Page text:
With unprecedented industrial interest in the Sahtu’s potential oil reserves—companies have committed to spending more than $700 million in the region—and the GNWT theoretically soon to be flush with cash and control courtesy of devolution, finance minister Michael Miltenberger reckons the time to extend Highway 1 at least as far Norman Wells is coming soon. “We know there’s a lot of activity in the Sahtu. If that oil play or shale gas pays off and becomes a producing field then there’s going to be, between ourselves and industry we figure, the right conditions to make that investment, to do that road from Wrigley to Norman Wells,” Miltenberger told reporters during February’s budget lockup. “There’s lots of things that have to happen of course. We have to successfully conclude our discussion with the federal government [on the debt cap]”—the GNWT wants it extended to $1.8 billion—“and all the exploration that’s going on has to be successful.”
It isn’t clear what this means for the original plan, which would connect with the Dempster Highway terminating at Inuvik, a project that carries a price tag of around $1.8 billion. The federal government has already indicated a willingness to fund part of the cost, under the latest version of the Building Canada Fund, but the NWT’s total allocation from that fund is $258 million over five years.
Norman Yakeleya, the MLA for the Sahtu, and a former territorial transportation minister, says the federal government has already indicated a willingness to help out with the Mackenzie Valley Highway. “Harper has indicated that the next step in federal funding after the Inuvik-Tuktoyaktuk Highway will go to the completion of the Mackenzie Valley Highway.”
That, of course, begs the question: Given that the Sahtu region may be sitting on a shale oil resource that is, in Yakeleya’s words, equivalent to the prodigious Bakken shale in North Dakota, was it a mistake for the federal government to bless the Inuvik-Tuktoykatuk highway with its favour, when the Mackenzie Gas Project is on life support? On that matter, Yakeleya is diplomatic. Three years ago, when the feds first ponied up $150 million to help build the road to Tuktoyaktuk, few had any idea that interest in the Canol shale was about to intensify, he says. And he credits the Inuvialuit leadership with a straight up political victory. “They did their homework, their lobbying, and they certainly were pushing strong and hard for that highway.“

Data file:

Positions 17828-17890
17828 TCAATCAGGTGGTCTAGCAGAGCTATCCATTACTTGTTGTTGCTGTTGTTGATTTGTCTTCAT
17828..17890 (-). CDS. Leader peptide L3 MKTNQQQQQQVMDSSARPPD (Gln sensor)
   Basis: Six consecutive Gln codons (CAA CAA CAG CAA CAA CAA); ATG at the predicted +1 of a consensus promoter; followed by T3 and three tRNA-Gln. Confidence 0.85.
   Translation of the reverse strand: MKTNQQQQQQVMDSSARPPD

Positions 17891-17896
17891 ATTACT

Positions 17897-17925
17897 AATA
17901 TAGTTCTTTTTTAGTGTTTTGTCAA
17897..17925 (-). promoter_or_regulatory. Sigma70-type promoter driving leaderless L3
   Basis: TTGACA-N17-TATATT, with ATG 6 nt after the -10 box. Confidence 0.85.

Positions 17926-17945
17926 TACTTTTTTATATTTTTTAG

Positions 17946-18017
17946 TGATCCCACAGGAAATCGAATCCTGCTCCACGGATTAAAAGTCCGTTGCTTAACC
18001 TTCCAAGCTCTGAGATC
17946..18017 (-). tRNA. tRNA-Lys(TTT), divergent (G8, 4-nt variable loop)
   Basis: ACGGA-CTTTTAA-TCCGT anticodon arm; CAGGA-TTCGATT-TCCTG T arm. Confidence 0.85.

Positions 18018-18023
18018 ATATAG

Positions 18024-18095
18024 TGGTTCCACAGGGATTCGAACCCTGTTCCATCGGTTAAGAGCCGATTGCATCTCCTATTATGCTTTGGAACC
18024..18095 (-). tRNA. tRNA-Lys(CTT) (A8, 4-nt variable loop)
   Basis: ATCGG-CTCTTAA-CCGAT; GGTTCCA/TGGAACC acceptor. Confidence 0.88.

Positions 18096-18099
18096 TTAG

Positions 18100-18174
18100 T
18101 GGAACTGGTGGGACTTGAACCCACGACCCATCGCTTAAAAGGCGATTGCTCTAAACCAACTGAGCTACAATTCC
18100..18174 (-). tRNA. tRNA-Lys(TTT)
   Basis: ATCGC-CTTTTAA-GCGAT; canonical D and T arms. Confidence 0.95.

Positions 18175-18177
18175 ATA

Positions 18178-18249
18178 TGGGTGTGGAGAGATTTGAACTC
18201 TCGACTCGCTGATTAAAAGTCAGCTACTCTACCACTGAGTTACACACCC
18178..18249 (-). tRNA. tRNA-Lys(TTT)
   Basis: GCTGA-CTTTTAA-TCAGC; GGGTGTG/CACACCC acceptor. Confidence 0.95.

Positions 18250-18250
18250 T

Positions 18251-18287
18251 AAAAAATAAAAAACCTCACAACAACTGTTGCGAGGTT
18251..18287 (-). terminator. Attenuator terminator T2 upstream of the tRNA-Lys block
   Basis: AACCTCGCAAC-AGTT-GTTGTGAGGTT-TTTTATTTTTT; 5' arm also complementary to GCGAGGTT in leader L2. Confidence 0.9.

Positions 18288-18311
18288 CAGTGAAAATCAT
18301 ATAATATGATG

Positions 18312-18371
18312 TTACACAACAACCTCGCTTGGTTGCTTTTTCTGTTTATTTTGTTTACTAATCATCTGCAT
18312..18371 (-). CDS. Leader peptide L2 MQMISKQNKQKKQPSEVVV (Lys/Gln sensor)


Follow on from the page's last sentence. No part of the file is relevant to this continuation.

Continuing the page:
4. TRAFFIC ON THE busiest section of the Sahtu winter road, from Wrigley to Norman Wells, has spiked in recent years. In 2011, the daily average number of vehicle trips at Deline Junction, just south of Tulita, was 42. In 2012 it was 68. The next year, it was 137. Just south of Norman Wells, average daily traffic went from 79 in 2011 to 164 in 2013. That might not sound like rush hour, but consider the nature of that traffic: 40-tonne rigs are the norm, pickups and SUVs the exception. Those heavy loads exert a punishing toll on the road surface, especially at the approach to bridges, where traffic is funnelled into a single lane, often causing ruts that can become a foot deep. It’s not unusual to see rigs stuck on the side of the road waiting for a tow, or smaller vehicles abandoned. Near Fort Good Hope, one SUV had clearly rolled over several times (the driver, we were later told, was fine).